Hello, everyone! A while ago, Ken mentioned that we are in the process of adding client-side encryption support to our products. There are several places we think encryption is worthwhile, and they each require their own approach. Right now, I want to talk about what we’re working on for OmniFocus Sync encryption.
We’ve always encrypted the communications between OmniFocus and the server, of course. But we’d like to do better. The only things which should ever have access to your OmniFocus tasks are the devices you own and control: your phone, your Mac, your tablet.
What does this mean for you? There are positive and negative aspects. The positive aspect is that you can be more sure of the privacy of your OmniFocus tasks, whether they’re stored on our server or a third-party server. You should be able to put sensitive data in OmniFocus without worrying about auditing our datacenter. The other side of the coin, though, is that we won’t be able to look at your data even if you ask us to- unless you also give us the passphrase. If you lose your passphrase and all of your devices, there will be nothing we can do; we can’t recover or reset a passphrase. We think that, for most people, this is a good tradeoff.
What follows is very technical. I’m going to describe in more detail what we’re trying to achieve and what cryptographic techniques we’re using. We’d love to hear feedback on this: if you have a need that this doesn’t quite cover, or if you think we’ve missed a risk or an opportunity, please let us know. We are also having this reviewed by experts. But the more eyes, the better!
It’s likely that there will be changes to this before it becomes final. But we will document the final version. Our goal is not to hold your data hostage.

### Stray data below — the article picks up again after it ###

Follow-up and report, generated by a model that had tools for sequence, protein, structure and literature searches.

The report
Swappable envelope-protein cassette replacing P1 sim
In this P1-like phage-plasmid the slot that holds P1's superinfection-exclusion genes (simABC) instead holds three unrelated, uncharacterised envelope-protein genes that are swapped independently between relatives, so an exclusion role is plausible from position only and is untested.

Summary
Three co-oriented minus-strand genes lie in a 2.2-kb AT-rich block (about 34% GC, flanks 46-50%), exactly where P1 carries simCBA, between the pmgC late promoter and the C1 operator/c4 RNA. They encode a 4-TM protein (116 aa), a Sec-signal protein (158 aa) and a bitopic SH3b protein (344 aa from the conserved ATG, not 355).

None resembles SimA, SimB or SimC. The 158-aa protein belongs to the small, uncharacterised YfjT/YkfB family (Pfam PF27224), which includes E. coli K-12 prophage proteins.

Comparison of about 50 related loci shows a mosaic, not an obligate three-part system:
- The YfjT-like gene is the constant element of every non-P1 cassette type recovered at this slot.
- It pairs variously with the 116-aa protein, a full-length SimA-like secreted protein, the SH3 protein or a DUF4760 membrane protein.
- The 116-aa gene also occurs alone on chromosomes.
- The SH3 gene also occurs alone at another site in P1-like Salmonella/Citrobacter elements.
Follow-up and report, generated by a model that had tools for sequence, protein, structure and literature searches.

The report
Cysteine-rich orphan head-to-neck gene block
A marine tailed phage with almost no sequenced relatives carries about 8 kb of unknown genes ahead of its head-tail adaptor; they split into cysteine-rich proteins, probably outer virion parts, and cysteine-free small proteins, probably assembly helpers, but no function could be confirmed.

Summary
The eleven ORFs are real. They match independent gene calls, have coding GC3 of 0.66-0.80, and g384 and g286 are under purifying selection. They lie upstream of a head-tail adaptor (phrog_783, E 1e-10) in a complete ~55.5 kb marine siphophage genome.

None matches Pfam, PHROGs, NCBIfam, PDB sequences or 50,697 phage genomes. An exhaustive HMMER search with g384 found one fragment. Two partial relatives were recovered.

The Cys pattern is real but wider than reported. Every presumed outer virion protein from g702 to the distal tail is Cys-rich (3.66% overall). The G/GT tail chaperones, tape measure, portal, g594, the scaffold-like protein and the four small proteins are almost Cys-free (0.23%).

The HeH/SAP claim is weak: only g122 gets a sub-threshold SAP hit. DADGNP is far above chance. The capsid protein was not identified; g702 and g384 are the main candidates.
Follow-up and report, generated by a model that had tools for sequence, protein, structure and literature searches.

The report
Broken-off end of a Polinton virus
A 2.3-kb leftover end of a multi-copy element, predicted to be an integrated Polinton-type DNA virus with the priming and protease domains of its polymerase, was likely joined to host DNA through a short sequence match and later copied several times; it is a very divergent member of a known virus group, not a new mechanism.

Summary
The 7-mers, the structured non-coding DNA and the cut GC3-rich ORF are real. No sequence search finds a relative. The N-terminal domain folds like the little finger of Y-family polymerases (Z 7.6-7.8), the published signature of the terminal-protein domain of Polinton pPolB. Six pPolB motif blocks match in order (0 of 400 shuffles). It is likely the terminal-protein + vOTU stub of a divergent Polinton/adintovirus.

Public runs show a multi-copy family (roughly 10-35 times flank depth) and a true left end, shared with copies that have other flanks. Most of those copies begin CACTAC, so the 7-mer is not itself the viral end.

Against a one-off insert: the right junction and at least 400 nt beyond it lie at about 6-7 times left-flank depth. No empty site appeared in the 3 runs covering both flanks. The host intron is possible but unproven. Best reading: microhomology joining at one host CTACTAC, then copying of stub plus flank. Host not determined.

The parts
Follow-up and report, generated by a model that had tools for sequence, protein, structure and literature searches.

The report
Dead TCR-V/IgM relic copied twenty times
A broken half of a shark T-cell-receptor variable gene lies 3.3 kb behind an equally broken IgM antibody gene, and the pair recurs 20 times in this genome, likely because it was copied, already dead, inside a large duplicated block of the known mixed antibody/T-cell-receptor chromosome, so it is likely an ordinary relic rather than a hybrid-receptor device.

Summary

Goals and Threat Model
“Before I built a wall I’d ask to know / What I was walling in or walling out” - Robert Frost
Our main goal is to secure your data against a passive attacker: someone who can read the files on the server, intercept them on the network, look at old backup tapes, etc., but who cannot modify your files on the server. This describes a lot of real-world compromises. The passive attacker should be able to learn very little about your use of OmniFocus. They will, by definition, be able to tell when you’re making changes and syncing them, and they can tell if you’ve added an especially large attachment, for example, because of the increase in traffic. But they should not be able to read the contents of any of your tasks.
We can’t provide complete protection against an active attacker, who can modify files on the server. But we will limit their options as much as we can.
An attacker might learn an old passphrase of yours, or might learn a current passphrase but only have access to an old copy of your database. In these cases, we want to ensure they still can’t read your information. Additionally, if someone has access (to both your database and passphrase), and you change the passphrase, they should not be able to read tasks you add after changing your password.